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Dollar coin arrives at South Whidbey banks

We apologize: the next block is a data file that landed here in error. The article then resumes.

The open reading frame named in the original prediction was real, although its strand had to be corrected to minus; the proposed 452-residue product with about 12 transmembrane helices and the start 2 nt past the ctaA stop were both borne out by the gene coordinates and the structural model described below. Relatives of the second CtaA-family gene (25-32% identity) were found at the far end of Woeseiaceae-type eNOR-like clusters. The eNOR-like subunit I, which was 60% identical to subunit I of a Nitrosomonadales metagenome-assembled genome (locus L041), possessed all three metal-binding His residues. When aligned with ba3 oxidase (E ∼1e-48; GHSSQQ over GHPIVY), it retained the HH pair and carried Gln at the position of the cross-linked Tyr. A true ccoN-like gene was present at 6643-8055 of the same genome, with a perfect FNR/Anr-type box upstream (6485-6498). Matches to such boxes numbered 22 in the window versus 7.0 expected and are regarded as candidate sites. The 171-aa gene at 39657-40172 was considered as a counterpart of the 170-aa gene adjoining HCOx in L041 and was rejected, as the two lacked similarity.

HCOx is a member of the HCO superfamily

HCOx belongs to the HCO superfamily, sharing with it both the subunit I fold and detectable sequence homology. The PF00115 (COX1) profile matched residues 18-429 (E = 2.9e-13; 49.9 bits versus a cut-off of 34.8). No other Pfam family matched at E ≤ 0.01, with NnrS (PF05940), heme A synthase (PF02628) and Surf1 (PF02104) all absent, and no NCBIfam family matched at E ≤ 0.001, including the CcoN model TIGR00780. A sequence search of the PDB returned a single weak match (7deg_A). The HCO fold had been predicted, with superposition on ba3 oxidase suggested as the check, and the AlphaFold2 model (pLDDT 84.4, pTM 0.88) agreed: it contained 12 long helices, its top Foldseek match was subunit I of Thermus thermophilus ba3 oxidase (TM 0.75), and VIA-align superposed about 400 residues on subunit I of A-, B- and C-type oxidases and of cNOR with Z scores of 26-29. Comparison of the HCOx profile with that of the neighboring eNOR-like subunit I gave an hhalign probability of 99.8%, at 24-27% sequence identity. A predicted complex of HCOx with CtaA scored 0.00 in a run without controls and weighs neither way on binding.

"For the first two weeks of this month, the only place on Whidbey Island to find the new U.S. dollar coin was at Wal-Mart in Oak Harbor.This week Wal-Mart's monopoly on the Sacajawea coin ended when small shipments of the coins arrived at InterWest Bank and Whidbey Island Bank, as well as other local bank branches.The Clinton branch of InterWest received 200 of the coins on Wednesday, while the Langley branch of Whidbey Island Bank got 100 on the same day. Both are small potatoes compared to Wal-Mart. According to Nellie Durham, assistant manager at the Oak Harbor mega-store, they will get 10,000 a week at least through February.It was too early to tell much about how South Whidbey consumers are greeting the coin. Gene Felton, Star Store owner, said earlier this week that his grocery clerks had seen only one, and that particular clerk put it in her purse.That's exactly the reaction the United States Mint doesn't want to see. The Associated Press quoted Philip Diehl, director of the U.S. Mint, as saying the idea of the Wal-Mart connection is that it gets the new dollar coin into cash registers across the nation. Nation wide, 100 million of the coins were shipped to Wal-Mart stores and the same number to banks. The mint will produce up to one billion coins this year.There appears to be interest in the coin on South Whidbey. Sunny Worsley, customer service representative at InterWest's Clinton branch, said they've had tons of requests for the coin. Noting the initial shipment of only 200, she added, We're definitely on rationing mode. Initially, the limit was two per customer.I think they're going to be collector's items, Worsley said. Like the new quarters, they'll get hoarded.Gloria Craig, customer service representative at Whidbey Island Bank in Langley, said her bank had a lot of requests for the coins last week but they weren't available then. The Langley branch started with a limit of 10 per customer.Craig said lots of interest in the new coin has been shown by younger people. Kids love them, she said.As for her own opinion, Craig was disappointed in the color. I thought they'd be really, really gold, she said. Instead, the Sacajawea is a flat gold color. No real gold is used in the coin.The U.S. Mint wants the new coin to be popular and widely circulated. Its last stab at a dollar coin was the quarter-like Susan B. Anthony, which never gained favor with the public.The Sacajawea is slightly bigger and heavier than a quarter, gold rather than silver in color, and has a smooth edge so the visually impaired can tell it from a quarter.Wal-Mart's Durham said the coin's reception in Oak Harbor has been cool in many cases. People don't really want to accept them, and when they get'em they save' em, she said. According to rules laid down by the U.S. Mint, Wal-Mart can dole out only two Sacajaweas per transaction. As a result, the store has had trouble getting rid of its weekly allotment.Durham predicts the new gold coin will become just a collector's thing -- we had one guy who wanted 10,000 of them. Unfortunately, that was 9,998 over Wal-Mart's limit.Coin honors Indian guideThe new dollar coin honors Sacajawea, a Shoshone Indian girl who served as a guide and interpreter for the Lewis & Clark Expedition from 1804 to 1806. Her name translates as Bird Woman.Sacajawea started the trip as a pregnant 16-year-old. She survived the birth of her child and carried her infant with her on the arduous journey across the continent.Her presence helped ensure friendly contract with Indian tribes. At one point she persuaded the Shoshones to provide horses to the expedition.She was born in what is now Idaho about 1787. She was captured by the Minnetarees tribe in 1800 and sold to a French-Canadian trapper named Toussaint Charboneau, who later married her and then joined Lewis & Clark. Sacajawea is thought to have died among the Mandan Indians in 1812.Source: Family Encyclopedia of American History, Reader's Digest."

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